Assessment of norms of reaction for germination in seeds subjected to cold stratification simulates spring or early summer germination of seeds that have spent the winter under snow cover. More rapid, and increased germinability following stratification observed in three of the six K. islandica populations was also manifested through a decrease in the minimum temperature required to elicit germination, especially in the Yukon population and, to a lesser extent, in the Iqaluit and Jasper populations. This is consistent with the results of previous germination studies on arctic and alpine plants (Bell and Bliss, 1980; Densmore, 1997; Shimono and Kudo, 2005). An increased germination percentage and a decrease in light requirement for germination when stratified (Wagner and Simons, 2009b) are typical of summer annuals, which germinate in the spring after spending the winter as seeds under the snow cover and set seed in late summer or autumn (Baskin and Baskin, 1988).
The apparent lack of response to cold stratification in the populations from the most extreme environments and longest winter period (Svalbard and Colorado) suggests that the seeds of these two populations require longer stratification periods to break their conditional dormancy (Meyer et al., 1989; Meyer and Monsen, 1991; Cavieres and Arroyo, 2000). However, previous independent experiments, specifically looking at effects of stratification and scarification indicated that, at least in the case of the Colorado population, a longer stratification period (20 weeks) failed to improve the germination fractions (Wagner and Simons, 2008). Regardless, the requirement of high temperatures and light for germination (Wagner and Simons, 2009b), together with the platykurtic distribution of time to germination—seeds of these two populations were still germinating after over a month from imbibition (Fig. 2)—indicate that the populations from Svalbard and Colorado seem to have evolved a “cautious” (Schütz, 2002) or diversified bet-hedging germination strategy (Simons and Johnston, 2006). It also confirms the observations of Amen (1966) and Dorne (1981) that germination generally decreases with increasing severity of the climate.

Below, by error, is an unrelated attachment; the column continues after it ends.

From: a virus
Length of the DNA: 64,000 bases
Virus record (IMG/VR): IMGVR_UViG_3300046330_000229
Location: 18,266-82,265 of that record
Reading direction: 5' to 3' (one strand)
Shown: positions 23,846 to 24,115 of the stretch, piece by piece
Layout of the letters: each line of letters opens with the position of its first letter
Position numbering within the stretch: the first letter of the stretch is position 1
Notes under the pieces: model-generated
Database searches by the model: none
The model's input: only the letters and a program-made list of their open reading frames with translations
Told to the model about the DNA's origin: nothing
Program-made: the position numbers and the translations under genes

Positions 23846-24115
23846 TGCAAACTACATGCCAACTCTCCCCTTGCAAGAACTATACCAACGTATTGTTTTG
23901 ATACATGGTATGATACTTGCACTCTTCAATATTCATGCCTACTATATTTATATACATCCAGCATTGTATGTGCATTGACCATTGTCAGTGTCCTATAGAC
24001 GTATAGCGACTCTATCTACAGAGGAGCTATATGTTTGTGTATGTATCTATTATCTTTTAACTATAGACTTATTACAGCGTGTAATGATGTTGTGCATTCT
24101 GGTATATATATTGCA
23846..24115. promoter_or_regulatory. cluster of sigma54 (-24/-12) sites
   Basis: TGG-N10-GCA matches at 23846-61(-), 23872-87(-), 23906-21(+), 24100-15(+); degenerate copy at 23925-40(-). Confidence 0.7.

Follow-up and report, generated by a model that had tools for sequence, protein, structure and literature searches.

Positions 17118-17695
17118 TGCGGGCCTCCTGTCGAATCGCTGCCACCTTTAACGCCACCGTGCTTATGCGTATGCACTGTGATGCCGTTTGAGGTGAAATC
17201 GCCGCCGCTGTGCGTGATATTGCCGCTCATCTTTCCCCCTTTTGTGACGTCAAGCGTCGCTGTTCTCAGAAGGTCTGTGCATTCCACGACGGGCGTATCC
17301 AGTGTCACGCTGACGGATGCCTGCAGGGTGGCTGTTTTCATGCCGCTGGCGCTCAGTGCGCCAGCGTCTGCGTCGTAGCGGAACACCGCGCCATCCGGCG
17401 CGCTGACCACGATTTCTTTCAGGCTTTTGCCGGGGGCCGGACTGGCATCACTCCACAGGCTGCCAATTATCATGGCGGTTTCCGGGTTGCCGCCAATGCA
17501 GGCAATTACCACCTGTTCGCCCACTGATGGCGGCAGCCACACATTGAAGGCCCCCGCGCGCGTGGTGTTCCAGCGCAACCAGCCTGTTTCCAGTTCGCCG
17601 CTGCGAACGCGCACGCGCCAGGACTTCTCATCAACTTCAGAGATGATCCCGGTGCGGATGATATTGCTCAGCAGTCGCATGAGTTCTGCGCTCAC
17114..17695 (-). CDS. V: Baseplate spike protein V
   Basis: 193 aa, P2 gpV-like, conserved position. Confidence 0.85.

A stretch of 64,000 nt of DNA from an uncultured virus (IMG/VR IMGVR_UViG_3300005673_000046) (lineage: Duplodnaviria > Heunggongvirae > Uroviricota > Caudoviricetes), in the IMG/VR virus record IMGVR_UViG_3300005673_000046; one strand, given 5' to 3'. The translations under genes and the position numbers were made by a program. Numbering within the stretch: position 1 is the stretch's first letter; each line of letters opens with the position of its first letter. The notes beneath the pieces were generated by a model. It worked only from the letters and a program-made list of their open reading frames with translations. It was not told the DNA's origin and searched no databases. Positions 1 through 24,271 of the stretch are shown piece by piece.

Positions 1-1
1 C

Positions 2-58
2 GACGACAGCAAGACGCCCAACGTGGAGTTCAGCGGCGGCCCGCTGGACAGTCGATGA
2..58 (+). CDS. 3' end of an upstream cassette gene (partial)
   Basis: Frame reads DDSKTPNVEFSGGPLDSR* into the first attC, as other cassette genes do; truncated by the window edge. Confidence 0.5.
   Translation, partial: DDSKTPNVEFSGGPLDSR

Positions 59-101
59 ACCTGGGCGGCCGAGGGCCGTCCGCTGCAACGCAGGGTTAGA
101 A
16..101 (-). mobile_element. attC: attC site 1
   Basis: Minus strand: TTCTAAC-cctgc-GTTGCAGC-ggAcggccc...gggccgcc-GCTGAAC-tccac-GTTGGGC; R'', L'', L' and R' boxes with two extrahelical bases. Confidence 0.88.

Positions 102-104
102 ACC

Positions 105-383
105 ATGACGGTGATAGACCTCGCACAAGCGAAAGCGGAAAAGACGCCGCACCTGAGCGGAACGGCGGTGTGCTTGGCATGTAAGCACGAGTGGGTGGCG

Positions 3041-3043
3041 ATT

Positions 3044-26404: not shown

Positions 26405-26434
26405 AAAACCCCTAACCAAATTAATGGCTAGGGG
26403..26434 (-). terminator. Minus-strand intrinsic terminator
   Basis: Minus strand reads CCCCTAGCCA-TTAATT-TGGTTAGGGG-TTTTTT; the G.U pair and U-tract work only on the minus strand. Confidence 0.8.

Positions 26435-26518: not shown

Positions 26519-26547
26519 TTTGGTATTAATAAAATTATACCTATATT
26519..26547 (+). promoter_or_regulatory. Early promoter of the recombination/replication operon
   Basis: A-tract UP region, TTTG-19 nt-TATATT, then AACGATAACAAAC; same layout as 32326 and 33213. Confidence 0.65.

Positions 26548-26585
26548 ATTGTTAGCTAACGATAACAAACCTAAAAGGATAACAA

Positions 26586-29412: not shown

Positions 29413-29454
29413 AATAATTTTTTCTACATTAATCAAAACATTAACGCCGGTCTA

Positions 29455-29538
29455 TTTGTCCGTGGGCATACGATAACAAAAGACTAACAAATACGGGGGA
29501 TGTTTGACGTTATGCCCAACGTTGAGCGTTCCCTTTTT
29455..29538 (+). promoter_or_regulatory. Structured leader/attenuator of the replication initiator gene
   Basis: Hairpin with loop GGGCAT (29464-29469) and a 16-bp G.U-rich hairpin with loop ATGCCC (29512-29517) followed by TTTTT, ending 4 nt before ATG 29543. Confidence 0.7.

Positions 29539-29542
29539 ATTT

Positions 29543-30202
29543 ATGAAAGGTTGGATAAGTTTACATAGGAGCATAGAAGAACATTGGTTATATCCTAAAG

The anomalous germination traits of the Dovre population (Figs. 1 and 2) are consistent with the observation that seeds from milder sites germinate rapidly and over a broader temperature range (Meyer et al., 1989). The decrease in germinability (Fig. 1) and increase in time to germination (Fig. 2) at low temperatures, together with the strong light requirement induced by stratification (Wagner and Simons, 2009b) is consistent with germination characteristics of some winter annuals—plants which germinate in autumn, pass the winter in vegetative state under the snow cover, and flower, set seed and die the following spring or summer (Milberg and Andersson, 1998)—but is a most surprising trait for an arctic-alpine annual.
That population differentiation in reaction norms overlapped only in the high temperature range for stratified seeds (Fig. 1) does not support the observation of Schütz and Milberg (1997) that cold stratification decreases germination variability among geographically different populations. Rather, it supports the finding that in some cases stratification increases the differences in germination responses of different populations (Milberg and Andersson, 1998).